The Maturing of the Queen

The queen’s calling is to hold the weight of the present as it begs us for a way forward as we navigate life in our beautifully broken world. I write and talk a lot about the archetype of the queen and have come to see her as a part of all of us that is meant to hold the tension and the impossible decisions but still find a way forward. The queen creates boundaries, makes the hard calls, and invites all those to the table to hear from God and be nourished toward healing in wholeness.

We all have a queen part of ourselves we call upon to help create flourishing in this world, but right now, for many of us—including me—our queens have been overused and are exhausted. In this day and age, most of the questions and decisions that are put in front of us do not have clear and obvious answers. The worlds we are meant to steward are filled with an anxious despair and rage, and there are very few places left that feel familiar and safe. I have felt my own queen working overtime trying to forge new paths.

Over the last few years, I’ve been on a quest of sorts to understand my own inner queen and help her shed her old robes and dawn new life and energy and calling. A friend of mine once told me that in Jungian Psychology there are two energies of the spirit, the eagle and the toad. The toad is close to the ground, feeling the contours of the soil, aware of the moisture or drought, and moves slowly, connected to the earth. It lives underneath, protected, close, and held. The eagle, on the other hand, is soaring through the air, laser focused on where it is going, surveying the land in epic fashion, and seeing to the edges of the horizon. Both energies are needed in this world, but we are typically drawn to one or the other.

I have come to believe that the healthy queen is born when the eagle and the toad meet inside our bodies. When there is integration of all the parts of us that know the sky as well as the ground and are comfortable in both settings. Unfortunately, for those of us in the sky, we will need to land, and those on the ground will need to fly. The movement from one to the other is often painful but usually precipitated through death, fire, desire, or the sorrow of a broken heart.

I was soaring for years. When you soar, you can pass by heartache, destruction, and pain. You see smoke, but it is gone behind you as you look ahead. A young visionary queen spends a lot of time soaring like an eagle, anticipating what’s next and where we need to head; however, the world can be burning beneath you as you glide above the land in a blur of vision and denial.

Eventually, the soaring queen lands, but the ground is not soft when you are used to flying. It feels cold, dark, damp, dirty, and inhospitable. The landing often feels cruel, but the only way back to our bodies and to our human-sized selves is to land once again on the unforgiving, beautiful earth. I wish there was another way, but to deny the harshness of landing is to deny the grief and the agony of being stopped in your tracks with nowhere to go but reckon with all you have passed over on your way to the next thing.

Reconnecting to the earth and the seemingly mundane felt like agony for me. It was disorienting to walk in the dirt and feel the grass and the contours of earth. But as I gave myself over to the landing, the earth healed my overused queen and helped me reconnect to the deep, sensual knowing of the parts of me who need the calm and slowness of the earth to contain my exhaustion and anxiety. It also brought me face to face with deep grief over past failures and harm.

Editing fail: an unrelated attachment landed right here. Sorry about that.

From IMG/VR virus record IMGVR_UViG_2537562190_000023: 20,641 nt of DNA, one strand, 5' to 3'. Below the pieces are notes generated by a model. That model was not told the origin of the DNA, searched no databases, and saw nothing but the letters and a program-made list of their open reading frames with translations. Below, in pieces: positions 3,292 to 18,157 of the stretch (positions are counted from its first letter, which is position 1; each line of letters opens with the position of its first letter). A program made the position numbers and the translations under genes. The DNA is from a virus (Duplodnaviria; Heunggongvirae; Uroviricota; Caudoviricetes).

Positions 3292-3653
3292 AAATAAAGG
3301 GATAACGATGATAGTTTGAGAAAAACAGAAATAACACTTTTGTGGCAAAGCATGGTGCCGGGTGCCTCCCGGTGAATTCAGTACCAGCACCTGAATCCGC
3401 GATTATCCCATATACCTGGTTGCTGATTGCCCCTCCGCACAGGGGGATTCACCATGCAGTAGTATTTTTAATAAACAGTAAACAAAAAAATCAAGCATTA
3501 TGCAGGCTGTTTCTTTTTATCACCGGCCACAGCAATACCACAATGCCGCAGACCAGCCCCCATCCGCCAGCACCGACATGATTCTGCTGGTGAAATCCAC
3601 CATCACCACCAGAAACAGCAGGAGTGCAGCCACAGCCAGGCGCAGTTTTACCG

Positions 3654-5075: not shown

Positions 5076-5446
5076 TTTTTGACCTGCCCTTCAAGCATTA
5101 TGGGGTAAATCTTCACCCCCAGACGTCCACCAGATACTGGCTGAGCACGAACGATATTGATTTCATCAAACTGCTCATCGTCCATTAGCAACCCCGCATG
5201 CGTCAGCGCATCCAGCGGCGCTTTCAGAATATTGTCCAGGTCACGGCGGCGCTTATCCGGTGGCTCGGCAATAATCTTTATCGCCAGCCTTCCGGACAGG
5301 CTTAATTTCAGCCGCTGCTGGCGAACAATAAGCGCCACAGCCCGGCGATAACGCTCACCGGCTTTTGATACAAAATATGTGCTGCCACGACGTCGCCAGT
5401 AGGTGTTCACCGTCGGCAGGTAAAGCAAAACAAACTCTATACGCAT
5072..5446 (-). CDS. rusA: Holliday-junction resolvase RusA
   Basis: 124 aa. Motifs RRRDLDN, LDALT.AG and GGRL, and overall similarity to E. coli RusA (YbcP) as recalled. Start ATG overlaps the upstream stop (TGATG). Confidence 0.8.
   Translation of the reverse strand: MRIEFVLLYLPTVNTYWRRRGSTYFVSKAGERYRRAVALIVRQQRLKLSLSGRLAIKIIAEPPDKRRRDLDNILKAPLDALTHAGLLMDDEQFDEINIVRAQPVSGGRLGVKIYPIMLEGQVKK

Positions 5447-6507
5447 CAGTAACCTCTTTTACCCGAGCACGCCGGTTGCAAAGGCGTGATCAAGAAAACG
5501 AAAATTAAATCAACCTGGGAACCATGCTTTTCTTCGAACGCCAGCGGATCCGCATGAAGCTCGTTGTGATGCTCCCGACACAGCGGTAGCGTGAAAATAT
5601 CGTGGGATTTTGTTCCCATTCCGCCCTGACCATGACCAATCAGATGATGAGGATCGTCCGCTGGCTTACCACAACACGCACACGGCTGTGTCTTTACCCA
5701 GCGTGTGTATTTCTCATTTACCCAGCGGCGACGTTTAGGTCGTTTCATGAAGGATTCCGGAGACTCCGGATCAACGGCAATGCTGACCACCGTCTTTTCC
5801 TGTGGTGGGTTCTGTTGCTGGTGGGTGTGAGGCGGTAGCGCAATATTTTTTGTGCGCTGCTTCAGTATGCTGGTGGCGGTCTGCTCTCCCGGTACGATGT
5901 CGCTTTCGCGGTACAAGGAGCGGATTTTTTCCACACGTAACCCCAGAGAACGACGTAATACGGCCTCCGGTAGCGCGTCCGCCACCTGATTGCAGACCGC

My soaring had kept me one step ahead of all that I feared was true of me, the world, and God. 

As I landed, the kind voice of the Spirit invited me to face the agony of the rest of the story I had been avoiding.

The grief has been slow on the ground, and in my quest to heal, I have found comfort in the mundane tasks of making my bed, cooking dinner, and making candles. I have spent months watching the trees transition through the seasons, noticing the subtle shifts that the earth displays in epic fashion. At first, I thought the ground would kill me, but it has become a deep and solemn friend that holds my body and reminds me of my limitations and my need to rest.

For the soaring queen, the ground is the space of holding and rebirth that can only come when we are willing to come home to our bodies and our breath. The queen part of us will still be able to make the hard decisions, but she will have more clarity around what’s true and the reality that the world is far more difficult than you had imagined, but it is also vastly more beautiful than you ever thought possible. 

In landing, we will slow down and tend to the small, thus enabling the large, unruly decisions to align, helping forge new pathways, dream new dreams, and find a new way to bring flourishing to the kingdoms we are meant to steward.

Cathy Loerzel is a military brat, a self-diagnosed 3 on the enneagram, a mother of a 5-year-old and 7-year-old boy, and a wife to mountaineer/farmer/therapist. Cathy is passionate about cooking, decorating, hosting parties, and nagging her family about keeping the house clean. Generally astonished by her family’s capacity to wreak havoc on a tidy house, she is bound and determined to raise boys who clean up after themselves. More than a decade ago Cathy founded The Allender Center with Dan and Becky Allender, and she has spent the last 10 years helping to create the Trauma Informed Narrative Therapy methodology, design the programs, concretize their group theory, facilitate, and teach. This past year, she wrote a book called Redeeming Heartache with Dan Allender. Cathy comes alive around water—lakes, oceans, rivers, creeks, swamps—and dreams of one day having a house where she can drink coffee every morning while looking at water.